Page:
“I’m definitely not happy about the weaker yen,” said Mikiko Kudoh, an office worker in Tokyo.

Consumers like Kudoh add to pressure on Abe, who must decide whether to raise Japan’s sales tax to 10 percent as planned next year. The increase this April plunged the economy into its deepest contraction in five years as the government tries to cap gains in the developed world’s highest debt burden.

Toyota, Hitachi

Japan’s biggest employers, including Toyota Motor Corp., Hitachi Ltd. and Panasonic Corp., have benefited from the yen’s drop. A weaker currency makes their exports more competitive and increases the value of overseas earnings when converted into yen. Japanese companies’ pretax profit rose to a record 17.5 trillion yen ($161 billion) in the quarter ended March 31, according to figures from the finance ministry.

In the five years prior to Abe’s call for unprecedented monetary easing, the Japanese currency averaged 85.69 yen to the dollar and never rose above 93.03 yen, prompting manufacturers to move production out of the country and fueling declines in consumer prices.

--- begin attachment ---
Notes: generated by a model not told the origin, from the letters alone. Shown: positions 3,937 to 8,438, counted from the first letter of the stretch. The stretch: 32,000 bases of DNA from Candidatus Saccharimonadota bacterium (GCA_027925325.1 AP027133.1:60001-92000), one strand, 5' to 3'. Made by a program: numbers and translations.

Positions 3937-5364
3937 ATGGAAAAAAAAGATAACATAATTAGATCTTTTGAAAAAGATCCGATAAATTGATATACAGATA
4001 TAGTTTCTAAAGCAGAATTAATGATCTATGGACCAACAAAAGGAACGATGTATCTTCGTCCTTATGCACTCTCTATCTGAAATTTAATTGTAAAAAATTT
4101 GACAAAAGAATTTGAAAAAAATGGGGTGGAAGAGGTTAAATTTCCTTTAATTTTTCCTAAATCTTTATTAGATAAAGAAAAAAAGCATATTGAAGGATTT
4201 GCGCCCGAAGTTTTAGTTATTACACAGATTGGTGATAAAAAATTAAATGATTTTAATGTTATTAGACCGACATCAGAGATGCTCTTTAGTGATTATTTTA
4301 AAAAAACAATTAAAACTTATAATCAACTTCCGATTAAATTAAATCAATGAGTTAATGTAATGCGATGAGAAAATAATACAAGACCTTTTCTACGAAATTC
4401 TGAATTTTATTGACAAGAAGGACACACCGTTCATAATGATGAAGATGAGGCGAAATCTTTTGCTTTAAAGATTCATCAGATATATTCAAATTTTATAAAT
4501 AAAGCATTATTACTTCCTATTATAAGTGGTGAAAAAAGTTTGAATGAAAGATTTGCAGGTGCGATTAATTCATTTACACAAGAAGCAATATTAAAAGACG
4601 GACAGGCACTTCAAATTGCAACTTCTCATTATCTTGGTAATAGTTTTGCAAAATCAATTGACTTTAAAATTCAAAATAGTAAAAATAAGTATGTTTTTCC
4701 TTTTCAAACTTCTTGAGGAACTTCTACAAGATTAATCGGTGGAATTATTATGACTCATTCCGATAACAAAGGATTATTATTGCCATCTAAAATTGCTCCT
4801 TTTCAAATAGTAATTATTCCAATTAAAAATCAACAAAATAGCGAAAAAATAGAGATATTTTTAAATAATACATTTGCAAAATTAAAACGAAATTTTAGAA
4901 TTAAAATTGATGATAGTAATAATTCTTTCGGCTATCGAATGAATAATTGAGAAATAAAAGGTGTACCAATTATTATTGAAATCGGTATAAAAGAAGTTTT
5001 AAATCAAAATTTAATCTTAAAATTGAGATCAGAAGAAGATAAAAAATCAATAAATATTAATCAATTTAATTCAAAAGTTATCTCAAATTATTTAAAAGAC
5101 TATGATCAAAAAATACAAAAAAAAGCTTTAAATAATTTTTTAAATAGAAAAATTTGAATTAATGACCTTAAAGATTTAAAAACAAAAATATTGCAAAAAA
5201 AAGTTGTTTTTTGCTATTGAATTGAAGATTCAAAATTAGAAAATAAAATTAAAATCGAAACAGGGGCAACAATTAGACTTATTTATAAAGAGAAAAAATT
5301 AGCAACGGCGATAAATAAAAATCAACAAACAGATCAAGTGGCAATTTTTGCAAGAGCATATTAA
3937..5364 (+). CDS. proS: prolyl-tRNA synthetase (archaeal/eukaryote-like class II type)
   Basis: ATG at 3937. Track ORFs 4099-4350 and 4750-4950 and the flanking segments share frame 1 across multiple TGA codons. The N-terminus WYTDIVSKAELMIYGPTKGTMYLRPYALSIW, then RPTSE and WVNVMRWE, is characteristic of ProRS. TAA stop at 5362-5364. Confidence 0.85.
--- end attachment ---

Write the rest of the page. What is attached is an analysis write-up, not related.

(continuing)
The yen’s drop since Abe started his campaign to become prime minister helped fuel a 23 percent gain in the benchmark Nikkei 225 Stock Average in 2012, followed by a 57 percent surge last year, the biggest annual gain since 1972.

Japanese companies indicated they may boost investment by the most since 2007 as sentiment among big manufacturers unexpectedly improved, providing encouragement for Abe’s revitalization effort. Large companies see capital spending rising 8.6 percent in the year through March, according to the Bank of Japan’s Tankan survey released in Tokyo yesterday.

Cutting Meat

The stock rally also initially helped boost consumption of luxury goods and stoked optimism that 15 years of deflation and the economic doldrums it accompanied were ending. This year, the pressure on consumers has begun to weigh.

“We’ve cut back on imported meats on week nights for sure,” said Thomas Gowing, 37, a salesman at ICAP Totan Securities Co. in Tokyo. “My wife is even more sensitive to the prices for these things.”